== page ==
Degree course: 
Corso di Second cycle degree in CHEMISTRY
Academic year when starting the degree: 
Academic year in which the course will be held: 
Second semester
Standard lectures hours: 

Exams of General and Inorganic Chemistry and Strutturistica Chimica successfully passed.

Final Examination: 

Oral presentation on a subject chosen by the student and related to the arguments of the course.
Oral test, based on at least 4 questions of the classroom teaching.

Voto Finale

Goal of the course is presenting methodological and structural aspects for the comprehension of ionic and molecular solids, mostly, but not only, of inorganic nature.
In the first part of the course, the notions acquired during the course of “Strutturistica Chimica” will be developed, with particular reference to the methods for structural solution by single crystal and powder diffraction. Frontier methodologies for the structural and microstructural characterization of defective materials and nanomaterials will be also presented and described (with the aid of practical sessions).
In the second part of the course, some aspects of the wide world of the solid state chemistry will be introduced, with particular emphasis towards the structural description of the inorganic crystalline materials and their defectiveness, to the structural- properties relationships for these materials and to the connections between their functional properties and the technological applications.

Part I (Materials and functional properties):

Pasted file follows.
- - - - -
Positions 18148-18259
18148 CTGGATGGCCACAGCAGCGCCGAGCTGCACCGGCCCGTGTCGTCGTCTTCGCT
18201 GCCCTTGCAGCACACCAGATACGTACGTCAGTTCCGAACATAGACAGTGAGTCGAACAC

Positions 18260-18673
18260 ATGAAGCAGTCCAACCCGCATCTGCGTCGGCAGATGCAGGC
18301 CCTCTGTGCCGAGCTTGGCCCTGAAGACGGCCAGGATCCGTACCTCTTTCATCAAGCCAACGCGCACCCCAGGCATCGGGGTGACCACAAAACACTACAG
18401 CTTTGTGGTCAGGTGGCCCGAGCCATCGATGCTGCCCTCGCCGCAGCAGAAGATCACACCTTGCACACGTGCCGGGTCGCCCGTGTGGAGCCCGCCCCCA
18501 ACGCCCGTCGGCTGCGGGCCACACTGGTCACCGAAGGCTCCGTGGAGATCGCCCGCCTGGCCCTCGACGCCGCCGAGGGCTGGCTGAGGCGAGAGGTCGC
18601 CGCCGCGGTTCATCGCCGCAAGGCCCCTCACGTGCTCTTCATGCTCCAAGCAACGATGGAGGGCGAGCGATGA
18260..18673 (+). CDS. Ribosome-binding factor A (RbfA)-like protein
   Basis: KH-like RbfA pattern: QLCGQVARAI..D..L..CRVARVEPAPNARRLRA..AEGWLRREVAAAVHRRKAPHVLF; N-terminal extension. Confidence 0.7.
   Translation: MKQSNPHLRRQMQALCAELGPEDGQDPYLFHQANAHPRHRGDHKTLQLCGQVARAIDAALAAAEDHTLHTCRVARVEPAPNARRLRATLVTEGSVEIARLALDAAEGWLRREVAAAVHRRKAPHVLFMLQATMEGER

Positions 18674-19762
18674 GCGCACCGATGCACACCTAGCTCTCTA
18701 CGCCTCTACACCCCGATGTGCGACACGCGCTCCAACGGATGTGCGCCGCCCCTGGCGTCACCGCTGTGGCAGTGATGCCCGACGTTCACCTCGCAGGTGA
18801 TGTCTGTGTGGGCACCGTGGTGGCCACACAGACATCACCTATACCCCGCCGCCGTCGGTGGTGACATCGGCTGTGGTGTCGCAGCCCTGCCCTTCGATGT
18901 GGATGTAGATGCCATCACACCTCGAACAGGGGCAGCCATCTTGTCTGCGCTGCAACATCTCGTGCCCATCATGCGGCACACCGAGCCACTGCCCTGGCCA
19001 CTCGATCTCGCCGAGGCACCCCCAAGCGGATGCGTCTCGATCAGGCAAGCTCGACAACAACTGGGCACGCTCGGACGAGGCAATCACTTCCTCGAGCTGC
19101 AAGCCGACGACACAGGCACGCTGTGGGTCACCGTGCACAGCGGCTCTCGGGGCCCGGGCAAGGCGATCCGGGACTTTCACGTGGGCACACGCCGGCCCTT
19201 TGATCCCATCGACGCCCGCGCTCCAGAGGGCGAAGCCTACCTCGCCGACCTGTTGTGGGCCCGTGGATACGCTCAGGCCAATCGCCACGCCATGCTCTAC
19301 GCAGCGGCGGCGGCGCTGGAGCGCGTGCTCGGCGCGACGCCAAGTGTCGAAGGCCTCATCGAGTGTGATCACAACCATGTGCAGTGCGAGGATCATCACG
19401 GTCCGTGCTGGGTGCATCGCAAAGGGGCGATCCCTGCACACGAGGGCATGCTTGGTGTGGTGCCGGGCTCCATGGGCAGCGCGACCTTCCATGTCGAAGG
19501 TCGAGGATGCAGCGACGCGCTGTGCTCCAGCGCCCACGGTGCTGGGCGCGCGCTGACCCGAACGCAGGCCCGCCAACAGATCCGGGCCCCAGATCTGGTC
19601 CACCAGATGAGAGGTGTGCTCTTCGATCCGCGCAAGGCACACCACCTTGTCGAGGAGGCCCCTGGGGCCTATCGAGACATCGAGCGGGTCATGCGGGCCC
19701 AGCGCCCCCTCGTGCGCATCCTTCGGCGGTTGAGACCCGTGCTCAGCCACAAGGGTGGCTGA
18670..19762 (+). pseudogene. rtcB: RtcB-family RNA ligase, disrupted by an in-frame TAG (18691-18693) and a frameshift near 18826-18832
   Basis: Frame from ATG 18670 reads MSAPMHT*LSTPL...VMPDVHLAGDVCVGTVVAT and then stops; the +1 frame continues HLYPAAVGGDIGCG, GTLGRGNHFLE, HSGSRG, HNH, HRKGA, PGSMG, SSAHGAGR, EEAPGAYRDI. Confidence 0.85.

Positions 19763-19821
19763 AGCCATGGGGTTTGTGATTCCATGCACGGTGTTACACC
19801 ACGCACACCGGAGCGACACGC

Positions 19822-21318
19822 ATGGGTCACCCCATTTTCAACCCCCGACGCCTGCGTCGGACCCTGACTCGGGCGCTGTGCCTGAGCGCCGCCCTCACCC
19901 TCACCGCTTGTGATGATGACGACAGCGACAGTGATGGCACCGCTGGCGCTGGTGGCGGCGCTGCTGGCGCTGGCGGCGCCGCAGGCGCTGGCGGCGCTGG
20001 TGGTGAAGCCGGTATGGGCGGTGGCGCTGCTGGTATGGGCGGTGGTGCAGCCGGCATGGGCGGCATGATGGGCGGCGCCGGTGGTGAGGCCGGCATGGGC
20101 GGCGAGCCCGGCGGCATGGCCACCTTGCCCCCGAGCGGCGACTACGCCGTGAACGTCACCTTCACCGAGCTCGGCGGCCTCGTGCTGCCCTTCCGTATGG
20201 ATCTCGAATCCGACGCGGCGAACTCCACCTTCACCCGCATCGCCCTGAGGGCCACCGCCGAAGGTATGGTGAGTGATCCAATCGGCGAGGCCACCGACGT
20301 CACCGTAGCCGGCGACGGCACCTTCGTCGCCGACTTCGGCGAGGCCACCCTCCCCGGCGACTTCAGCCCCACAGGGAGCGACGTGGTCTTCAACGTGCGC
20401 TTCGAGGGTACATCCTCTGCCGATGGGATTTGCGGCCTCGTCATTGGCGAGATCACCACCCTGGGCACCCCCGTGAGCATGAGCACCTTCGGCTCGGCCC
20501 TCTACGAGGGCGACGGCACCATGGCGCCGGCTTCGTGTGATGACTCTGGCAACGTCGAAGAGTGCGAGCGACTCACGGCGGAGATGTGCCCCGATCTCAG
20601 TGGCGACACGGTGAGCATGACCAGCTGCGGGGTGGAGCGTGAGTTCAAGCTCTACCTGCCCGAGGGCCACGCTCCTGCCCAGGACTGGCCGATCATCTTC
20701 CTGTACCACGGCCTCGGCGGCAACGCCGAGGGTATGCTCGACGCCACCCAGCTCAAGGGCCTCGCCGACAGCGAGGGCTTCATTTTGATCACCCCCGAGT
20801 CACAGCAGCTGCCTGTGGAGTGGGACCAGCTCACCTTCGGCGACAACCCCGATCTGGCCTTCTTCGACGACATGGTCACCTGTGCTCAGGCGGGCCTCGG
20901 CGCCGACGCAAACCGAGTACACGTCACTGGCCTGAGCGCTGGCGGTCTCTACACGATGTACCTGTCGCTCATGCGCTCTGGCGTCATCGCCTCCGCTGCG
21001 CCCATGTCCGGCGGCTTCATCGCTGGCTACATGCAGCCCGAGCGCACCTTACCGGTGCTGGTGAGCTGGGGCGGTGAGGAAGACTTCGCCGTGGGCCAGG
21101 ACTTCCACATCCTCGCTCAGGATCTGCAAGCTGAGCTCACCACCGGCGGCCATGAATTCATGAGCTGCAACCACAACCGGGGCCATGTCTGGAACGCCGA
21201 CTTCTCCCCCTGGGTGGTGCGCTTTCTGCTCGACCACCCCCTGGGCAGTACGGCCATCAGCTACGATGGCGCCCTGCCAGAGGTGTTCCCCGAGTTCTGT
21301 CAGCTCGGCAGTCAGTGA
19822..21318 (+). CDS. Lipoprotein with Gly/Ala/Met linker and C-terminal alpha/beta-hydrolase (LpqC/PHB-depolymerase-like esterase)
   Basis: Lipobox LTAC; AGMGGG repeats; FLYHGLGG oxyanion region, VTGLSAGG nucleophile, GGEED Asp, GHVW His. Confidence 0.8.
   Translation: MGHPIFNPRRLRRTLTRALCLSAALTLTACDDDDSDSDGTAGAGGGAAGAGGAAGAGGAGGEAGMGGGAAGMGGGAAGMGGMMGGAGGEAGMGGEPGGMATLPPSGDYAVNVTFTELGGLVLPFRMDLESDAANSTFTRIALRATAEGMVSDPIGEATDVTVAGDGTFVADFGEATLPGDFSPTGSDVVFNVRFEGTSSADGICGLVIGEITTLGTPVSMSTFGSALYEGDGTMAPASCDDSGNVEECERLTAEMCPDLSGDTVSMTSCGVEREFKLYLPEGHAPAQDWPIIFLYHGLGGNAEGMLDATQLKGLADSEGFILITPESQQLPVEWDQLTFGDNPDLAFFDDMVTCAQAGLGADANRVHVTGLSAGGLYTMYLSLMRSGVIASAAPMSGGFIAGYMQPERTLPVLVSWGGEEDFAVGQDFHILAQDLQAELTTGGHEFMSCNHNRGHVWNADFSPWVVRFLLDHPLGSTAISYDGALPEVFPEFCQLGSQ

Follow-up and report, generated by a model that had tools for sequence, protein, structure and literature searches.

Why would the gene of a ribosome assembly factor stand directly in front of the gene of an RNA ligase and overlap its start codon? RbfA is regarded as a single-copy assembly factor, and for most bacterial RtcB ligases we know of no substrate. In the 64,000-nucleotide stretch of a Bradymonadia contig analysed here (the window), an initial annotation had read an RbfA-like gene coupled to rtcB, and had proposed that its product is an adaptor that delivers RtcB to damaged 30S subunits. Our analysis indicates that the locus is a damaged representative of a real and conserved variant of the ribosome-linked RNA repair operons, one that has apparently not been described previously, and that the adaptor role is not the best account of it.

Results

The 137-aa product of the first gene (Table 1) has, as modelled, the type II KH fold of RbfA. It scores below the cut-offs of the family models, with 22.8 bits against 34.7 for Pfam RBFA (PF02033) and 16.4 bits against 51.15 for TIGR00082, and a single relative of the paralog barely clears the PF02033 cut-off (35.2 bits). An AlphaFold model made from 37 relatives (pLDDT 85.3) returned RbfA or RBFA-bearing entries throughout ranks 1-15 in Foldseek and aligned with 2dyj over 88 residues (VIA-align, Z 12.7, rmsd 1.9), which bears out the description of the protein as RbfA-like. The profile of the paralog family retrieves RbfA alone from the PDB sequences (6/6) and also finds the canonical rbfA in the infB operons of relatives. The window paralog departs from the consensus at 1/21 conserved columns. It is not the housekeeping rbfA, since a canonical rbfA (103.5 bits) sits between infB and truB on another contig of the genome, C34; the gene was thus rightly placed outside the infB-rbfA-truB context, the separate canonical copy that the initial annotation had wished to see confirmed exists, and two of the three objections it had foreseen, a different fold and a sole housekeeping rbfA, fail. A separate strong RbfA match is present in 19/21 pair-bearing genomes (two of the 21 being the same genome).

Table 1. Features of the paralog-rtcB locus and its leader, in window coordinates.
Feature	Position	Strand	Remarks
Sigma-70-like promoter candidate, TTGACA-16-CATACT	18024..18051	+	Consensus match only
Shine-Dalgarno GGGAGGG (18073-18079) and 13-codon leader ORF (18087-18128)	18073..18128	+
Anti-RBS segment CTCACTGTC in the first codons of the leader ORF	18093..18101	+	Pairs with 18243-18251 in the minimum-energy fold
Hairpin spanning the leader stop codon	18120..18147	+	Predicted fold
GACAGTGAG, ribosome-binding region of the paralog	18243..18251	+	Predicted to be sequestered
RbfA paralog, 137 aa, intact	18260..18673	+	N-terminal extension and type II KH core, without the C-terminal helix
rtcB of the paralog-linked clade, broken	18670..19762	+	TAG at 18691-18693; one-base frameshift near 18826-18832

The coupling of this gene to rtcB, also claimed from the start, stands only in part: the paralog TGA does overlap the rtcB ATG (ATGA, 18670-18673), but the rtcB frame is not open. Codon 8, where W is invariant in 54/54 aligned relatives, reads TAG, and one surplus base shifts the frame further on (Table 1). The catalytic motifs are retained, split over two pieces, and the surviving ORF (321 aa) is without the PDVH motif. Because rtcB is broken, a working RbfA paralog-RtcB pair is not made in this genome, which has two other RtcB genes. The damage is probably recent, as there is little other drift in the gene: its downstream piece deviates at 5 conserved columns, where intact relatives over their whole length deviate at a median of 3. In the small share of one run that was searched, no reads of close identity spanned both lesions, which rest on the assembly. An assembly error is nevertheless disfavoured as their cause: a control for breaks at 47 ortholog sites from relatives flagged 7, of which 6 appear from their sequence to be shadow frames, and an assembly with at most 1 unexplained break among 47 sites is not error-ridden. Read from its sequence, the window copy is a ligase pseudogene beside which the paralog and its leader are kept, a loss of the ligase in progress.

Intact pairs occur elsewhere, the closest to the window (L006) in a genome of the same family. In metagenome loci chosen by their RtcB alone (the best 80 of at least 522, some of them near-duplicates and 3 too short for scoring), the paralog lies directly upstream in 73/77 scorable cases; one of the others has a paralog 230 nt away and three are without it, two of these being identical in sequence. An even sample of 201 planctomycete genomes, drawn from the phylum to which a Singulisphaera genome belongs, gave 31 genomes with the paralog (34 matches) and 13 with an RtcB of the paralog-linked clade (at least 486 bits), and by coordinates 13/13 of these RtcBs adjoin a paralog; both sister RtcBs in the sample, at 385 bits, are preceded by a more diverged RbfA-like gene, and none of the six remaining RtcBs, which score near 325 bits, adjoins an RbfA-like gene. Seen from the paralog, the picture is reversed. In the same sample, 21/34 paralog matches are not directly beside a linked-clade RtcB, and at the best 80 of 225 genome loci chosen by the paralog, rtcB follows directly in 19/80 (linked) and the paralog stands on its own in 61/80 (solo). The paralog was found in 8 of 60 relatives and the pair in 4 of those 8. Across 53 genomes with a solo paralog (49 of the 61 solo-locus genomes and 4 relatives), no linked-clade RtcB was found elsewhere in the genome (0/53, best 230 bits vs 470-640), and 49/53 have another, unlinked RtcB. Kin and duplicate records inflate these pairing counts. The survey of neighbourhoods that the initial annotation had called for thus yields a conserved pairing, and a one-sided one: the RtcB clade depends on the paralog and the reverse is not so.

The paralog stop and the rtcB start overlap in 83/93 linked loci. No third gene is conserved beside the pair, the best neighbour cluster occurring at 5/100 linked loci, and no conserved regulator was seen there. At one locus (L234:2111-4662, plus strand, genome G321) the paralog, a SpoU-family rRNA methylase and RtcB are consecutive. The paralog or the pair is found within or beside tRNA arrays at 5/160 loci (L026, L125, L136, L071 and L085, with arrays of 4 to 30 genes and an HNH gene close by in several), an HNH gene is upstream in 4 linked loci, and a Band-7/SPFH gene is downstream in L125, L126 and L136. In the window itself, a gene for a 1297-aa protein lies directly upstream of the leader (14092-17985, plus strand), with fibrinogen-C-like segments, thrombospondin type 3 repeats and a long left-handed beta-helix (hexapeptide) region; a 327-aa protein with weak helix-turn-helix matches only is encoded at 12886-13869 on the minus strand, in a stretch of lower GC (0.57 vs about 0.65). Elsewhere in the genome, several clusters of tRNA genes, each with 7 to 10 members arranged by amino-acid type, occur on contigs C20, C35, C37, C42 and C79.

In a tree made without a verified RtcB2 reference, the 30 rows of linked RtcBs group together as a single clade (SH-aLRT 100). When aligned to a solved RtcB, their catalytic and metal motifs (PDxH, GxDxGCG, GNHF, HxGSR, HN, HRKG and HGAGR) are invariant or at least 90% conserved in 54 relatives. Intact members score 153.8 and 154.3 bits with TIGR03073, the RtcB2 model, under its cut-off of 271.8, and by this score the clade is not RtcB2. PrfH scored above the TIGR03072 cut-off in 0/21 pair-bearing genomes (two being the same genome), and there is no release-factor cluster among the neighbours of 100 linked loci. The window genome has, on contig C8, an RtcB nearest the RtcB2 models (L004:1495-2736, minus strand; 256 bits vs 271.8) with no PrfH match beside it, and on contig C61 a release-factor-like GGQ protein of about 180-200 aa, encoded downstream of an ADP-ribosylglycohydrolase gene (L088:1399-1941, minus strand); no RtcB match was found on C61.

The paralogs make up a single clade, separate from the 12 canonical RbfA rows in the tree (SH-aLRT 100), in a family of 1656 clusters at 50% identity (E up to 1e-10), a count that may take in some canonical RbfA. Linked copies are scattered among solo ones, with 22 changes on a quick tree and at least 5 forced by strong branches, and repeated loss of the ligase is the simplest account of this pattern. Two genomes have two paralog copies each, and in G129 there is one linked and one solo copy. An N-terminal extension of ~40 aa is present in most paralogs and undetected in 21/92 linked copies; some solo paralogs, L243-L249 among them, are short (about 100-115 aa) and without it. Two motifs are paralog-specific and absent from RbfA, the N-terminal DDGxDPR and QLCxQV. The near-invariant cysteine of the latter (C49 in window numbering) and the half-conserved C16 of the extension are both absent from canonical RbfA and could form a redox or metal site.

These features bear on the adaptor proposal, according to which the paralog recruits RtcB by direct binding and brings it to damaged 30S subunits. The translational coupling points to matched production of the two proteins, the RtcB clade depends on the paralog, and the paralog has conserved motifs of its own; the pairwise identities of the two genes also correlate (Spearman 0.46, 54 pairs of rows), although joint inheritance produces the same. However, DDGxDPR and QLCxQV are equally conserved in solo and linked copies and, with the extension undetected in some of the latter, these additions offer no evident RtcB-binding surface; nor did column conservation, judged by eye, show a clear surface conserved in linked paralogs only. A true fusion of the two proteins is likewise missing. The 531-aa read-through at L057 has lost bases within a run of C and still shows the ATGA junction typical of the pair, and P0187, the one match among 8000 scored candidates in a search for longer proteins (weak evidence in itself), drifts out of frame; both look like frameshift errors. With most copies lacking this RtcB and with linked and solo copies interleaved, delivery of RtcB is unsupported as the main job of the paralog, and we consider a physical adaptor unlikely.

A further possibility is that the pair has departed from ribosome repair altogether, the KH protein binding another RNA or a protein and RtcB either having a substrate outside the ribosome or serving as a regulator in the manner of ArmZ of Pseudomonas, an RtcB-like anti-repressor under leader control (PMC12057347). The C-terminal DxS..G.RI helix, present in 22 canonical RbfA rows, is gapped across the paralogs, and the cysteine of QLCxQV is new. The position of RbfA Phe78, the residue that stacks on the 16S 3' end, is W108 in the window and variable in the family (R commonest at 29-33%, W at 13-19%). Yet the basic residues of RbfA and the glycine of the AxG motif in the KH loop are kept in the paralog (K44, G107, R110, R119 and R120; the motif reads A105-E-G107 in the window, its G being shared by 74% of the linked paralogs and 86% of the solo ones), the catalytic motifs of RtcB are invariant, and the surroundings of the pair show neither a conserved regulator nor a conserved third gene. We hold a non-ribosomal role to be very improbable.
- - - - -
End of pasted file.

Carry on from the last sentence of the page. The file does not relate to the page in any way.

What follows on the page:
- Crystal Chemistry: close packing of spheres; interstitial cavities; hcp, fcc and bcc solids; polytypism of crystal structures; coordination polyhedra; reference inorganic structure (halite, sphalerite, fluorite-antifluorite, diamond, wurtzite, CsCl, AX2 and A2X compounds); oxides with AmBnOp structure (perovskites and spinels); silica and silicates classification.
- Structural defects, non-stoichiometric solids and solid solutions: intrinsic points defects (Schottky, Frenkel), extrinsic point defects, color centers; non-stoichiometric compounds; solid solutions; Vegard Law and other methods for the characterization of the solid solutions. Exended defects: shear planes, intergrowths, stacking faults, antiphase domains, dislocations.
- Electronic, magnetic and optical properties of solid materials.
- Polymorphism: concept development and nomenclature; technological relevance; structural origin; thermodynamic description of monotropic and enantiotropic polymorphs; examples.
- Preparation methods for crystalline and nano crystalline materials.
- Materials of technological interest (zeolites and metalloganic frameworks, perovskites).

Part II (Crystallographic Methods): - revision on the diffraction theory. - Powder diffraction: quantitative analysis; indexing and structural solution; the Rietveld method; Total Scattering techniques for the structural and microstructural characterization of crystalline (defective) and nanocrystalline materials. Elements of Small Angle X-ray Scattering.
- Single Crystal X-ray Diffraction: structural solution and refinement; multipolar model for the modeling of the experimental electron density in crystals; topological analysis of the electron density (QTAIM).

Suggested textbook:
“Fundamentals of Crystallography", by C. Giacovazzo, H.L. Monaco, G. Artioli, D. Viterbo, G. Ferraris, G.Gilli, G. Zanotti, M. Catti. Oxford University Press.
“Crystallography for health and biosciences”, by A. Guagliardi and N. Masciocchi, Insubria University Press.
Materials (slides, book chapters) provided during the course.

Classroom lections + occasional exercises.